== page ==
Late in August the Red Sox announced that as an added attraction on Labor Day, Ruth would pitch the first game of the holiday doubleheader. Babe won 2-1, driving in one of Boston's two runs with a triple and scoring the other himself a moment later. In the second game he hit his 24th homer to tie Cravath's modern major league record. Later in the week he tied Freeman's older record with his 25th and missed another when his line drive hit a couple of feet below the top of the right-field fence. A few days later he hit No. 26, and now only Williamson's 27 lay ahead.

Inevitably, considering Ruth's innate flair for milking a situation, he went into another dry spell. For 11 days baseball waited and for 11 days Ruth did nothing but hit singles and doubles and pop-ups. On Saturday, Sept. 20, Boston had a doubleheader scheduled with the Chicago White Sox, who were about to clinch the American League pennant. The Red Sox announced it would be Babe Ruth Day, a day on which the fans could honor him for his marvelous hitting. In turn, the Babe would once again pitch the first game of the doubleheader. Fenway Park was jammed for the occasion. The P�re Marquette Council of the Knights of Columbus presented Ruth with $600 in U.S. Treasury savings certificates, and he received other gifts, including a diamond ring he wore for years. After the game a reporter, thinking of the crowds Ruth had drawn all season, asked what Frazee had given him. "A cigar," Babe said.

On the field Ruth was, well, heroic. He did not pitch too well, lasting only into the sixth inning before shifting to left field. But in the ninth inning he hit a spectacular home run to left field off Lefty Claud Williams. It won the game, tied Williamson's record, utterly delighted the crowd and awed his fellow players. It was unheard-of for a left-handed batter to hit a ball that hard to left field off a left-handed pitcher, particularly a pitcher of Williams' exceptional skills. Between games the famous White Sox third baseman, Buck Weaver, stopped by the Red Sox bench to comment, "That was the most unbelievable poke I ever saw."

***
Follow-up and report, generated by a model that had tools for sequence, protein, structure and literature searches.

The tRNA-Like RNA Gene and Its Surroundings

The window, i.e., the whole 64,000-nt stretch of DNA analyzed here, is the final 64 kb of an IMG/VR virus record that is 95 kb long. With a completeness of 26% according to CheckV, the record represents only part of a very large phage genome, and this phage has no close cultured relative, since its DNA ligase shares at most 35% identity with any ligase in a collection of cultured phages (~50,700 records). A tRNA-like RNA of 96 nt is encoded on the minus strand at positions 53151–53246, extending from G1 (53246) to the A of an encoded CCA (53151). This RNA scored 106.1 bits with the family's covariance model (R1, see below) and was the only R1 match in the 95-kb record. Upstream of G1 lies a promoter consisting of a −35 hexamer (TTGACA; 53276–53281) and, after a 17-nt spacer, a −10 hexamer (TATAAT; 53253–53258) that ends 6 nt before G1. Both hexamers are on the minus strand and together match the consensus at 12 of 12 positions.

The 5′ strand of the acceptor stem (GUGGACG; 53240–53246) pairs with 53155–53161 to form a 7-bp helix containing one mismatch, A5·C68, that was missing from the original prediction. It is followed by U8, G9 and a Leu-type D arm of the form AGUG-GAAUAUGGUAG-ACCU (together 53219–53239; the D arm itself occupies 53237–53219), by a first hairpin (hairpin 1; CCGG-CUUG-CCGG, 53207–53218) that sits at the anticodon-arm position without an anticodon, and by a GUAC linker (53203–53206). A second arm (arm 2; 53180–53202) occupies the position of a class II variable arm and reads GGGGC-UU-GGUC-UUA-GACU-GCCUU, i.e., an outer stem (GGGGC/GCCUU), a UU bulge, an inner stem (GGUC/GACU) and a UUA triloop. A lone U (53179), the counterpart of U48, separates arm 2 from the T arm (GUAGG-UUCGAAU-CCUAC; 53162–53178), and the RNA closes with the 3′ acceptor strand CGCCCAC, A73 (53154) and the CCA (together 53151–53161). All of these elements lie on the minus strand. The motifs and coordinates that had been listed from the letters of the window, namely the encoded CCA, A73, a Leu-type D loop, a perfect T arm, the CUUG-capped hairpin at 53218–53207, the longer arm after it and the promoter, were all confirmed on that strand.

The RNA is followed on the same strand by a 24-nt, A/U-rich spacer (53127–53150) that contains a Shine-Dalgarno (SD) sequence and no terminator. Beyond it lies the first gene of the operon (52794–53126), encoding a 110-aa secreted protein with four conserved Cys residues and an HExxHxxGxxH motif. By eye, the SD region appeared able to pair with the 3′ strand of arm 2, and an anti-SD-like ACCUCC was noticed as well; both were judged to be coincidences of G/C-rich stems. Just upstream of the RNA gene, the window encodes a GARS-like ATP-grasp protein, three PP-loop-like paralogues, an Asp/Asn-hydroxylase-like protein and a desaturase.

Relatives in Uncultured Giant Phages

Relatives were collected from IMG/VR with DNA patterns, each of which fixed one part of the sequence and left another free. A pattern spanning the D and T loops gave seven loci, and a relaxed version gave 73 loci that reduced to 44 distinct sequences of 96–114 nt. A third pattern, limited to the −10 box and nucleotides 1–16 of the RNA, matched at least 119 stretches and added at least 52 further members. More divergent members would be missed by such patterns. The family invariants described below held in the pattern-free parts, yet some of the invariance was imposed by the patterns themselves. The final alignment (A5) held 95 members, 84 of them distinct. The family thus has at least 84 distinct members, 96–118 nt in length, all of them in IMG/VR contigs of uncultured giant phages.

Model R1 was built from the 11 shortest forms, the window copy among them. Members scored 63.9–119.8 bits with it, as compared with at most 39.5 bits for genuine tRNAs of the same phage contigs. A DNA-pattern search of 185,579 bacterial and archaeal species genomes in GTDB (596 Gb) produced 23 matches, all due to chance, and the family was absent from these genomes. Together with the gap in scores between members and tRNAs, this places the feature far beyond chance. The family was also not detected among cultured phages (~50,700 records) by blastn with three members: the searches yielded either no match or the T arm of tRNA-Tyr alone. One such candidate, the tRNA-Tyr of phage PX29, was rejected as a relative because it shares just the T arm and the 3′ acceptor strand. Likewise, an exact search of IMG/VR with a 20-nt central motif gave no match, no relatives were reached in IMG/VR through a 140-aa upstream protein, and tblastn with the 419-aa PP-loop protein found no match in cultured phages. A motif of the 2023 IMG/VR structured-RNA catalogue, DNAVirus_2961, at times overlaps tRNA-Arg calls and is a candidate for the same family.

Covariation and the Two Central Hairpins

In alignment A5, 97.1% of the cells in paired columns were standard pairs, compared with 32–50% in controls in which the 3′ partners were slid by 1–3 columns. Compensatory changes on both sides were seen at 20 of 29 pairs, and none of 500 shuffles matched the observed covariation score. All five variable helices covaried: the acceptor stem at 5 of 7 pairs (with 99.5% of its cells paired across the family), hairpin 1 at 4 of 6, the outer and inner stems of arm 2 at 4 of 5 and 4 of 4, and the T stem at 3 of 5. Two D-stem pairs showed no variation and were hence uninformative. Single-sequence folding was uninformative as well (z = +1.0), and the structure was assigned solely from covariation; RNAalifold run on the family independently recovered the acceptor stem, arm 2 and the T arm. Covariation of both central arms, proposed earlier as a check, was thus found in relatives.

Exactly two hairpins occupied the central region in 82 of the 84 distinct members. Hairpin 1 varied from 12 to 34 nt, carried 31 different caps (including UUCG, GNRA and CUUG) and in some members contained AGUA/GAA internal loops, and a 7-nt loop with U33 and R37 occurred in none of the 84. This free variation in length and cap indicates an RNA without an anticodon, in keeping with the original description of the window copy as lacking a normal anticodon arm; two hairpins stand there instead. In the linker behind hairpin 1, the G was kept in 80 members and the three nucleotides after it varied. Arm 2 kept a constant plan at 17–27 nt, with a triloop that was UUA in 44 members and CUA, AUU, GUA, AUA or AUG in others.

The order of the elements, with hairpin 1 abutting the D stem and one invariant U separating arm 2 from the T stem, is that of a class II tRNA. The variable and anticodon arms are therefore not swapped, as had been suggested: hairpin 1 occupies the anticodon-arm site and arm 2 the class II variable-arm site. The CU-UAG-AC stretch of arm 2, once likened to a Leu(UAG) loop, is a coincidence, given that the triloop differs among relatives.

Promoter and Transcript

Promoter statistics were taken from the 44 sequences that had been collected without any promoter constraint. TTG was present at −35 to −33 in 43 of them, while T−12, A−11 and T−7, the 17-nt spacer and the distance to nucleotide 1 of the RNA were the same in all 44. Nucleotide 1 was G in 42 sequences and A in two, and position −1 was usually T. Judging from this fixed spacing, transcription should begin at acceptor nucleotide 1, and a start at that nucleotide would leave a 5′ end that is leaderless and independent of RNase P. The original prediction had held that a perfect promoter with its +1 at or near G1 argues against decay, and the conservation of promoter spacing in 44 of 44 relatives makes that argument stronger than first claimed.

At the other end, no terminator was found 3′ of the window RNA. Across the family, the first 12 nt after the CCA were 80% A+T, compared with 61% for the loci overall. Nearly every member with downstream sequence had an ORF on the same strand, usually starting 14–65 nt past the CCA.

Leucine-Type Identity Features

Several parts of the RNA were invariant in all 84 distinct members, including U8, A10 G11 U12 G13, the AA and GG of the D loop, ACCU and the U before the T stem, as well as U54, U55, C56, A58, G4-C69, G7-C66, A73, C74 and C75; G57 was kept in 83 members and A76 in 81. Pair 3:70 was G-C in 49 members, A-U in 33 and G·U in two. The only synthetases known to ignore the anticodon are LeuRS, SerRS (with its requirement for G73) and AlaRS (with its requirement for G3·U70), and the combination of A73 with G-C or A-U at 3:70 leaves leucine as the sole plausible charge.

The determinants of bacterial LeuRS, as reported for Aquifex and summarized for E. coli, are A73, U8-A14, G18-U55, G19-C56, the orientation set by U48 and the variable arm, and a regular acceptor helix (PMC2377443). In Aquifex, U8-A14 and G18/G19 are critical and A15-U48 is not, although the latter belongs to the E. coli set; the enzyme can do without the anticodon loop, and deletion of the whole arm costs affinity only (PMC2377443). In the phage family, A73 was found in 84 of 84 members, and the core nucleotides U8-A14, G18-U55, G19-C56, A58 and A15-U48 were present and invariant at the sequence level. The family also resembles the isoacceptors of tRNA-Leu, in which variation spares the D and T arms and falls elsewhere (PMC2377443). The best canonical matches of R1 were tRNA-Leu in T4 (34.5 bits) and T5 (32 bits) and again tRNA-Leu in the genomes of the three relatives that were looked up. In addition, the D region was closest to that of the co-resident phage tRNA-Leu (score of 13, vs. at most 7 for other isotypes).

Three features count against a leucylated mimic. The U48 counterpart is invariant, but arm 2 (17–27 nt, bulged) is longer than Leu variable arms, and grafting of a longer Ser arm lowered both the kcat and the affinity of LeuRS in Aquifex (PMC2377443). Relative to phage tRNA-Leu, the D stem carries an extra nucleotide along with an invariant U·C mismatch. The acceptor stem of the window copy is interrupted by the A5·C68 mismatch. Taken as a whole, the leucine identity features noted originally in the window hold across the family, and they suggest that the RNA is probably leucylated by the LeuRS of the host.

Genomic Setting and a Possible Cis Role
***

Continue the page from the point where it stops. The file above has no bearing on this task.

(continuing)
Ruth broke Williamson's record a few days later in New York with another landmark drive, this one over a distant section of the Polo Grounds roof—yes, the longest ever hit at the Polo Grounds, according to reports of the game. It was dramatic, of course. The Red Sox were losing 1-0 in the ninth when he hit it, and it tied the score ( Boston eventually lost 2-1 in the 13th).

The Red Sox went to Washington for the last weekend of the season, and there Ruth hit the 29th and last home run of his triumphant year. It was the first he hit in Washington in 1919, and it gave him the distinction of having hit at least one homer in every city in the league. No one had ever done that before either.

After his 1919 season—before he had played one game for the New York Yankees—Ruth was acclaimed the greatest home-run hitter baseball had ever seen, even though he had only 49 for his entire major league career to that point. Roger Connor then held the record for most lifetime homers with 136, but Ruth passed Connor in 1921, his third season as a full-time batter, to become the most prolific home-run hitter of all time. Each of the almost 600 home runs he hit after that only extended his own record. During the years that followed, different players—Rogers Hornsby, Ken and Cy Williams, Lou Gehrig, Hack Wilson, Jimmie Foxx—challenged him from time to time, but Ruth's consistency was overwhelming.

The 29 home runs made him a national sensation, but he almost doubled that in 1920, when he hit 54. Others followed his lead, and 29 quickly became a modest figure. By the end of 1924, 30 home runs or more had been hit nine times—but five times by Ruth himself. By the end of 1928, 40 or more had been hit 10 times, seven by Ruth. He did not merely break through, he made the breakthrough and kept going, leading the way. From 1918 through 1934 he led the league in home runs 12 times and hit 699 homers, an average of more than 40 a year for 17 straight seasons. From 1926 through 1931 he averaged 50.3 a year. He hit his 700th home run in 1934. When he hit it, only two others had hit more than 300. When he retired with 714, he had more than twice as many as the second man on the list. The home run was his.

Continue Story
1 2 3 4 5 6 7 8 9 10 11 12 13 14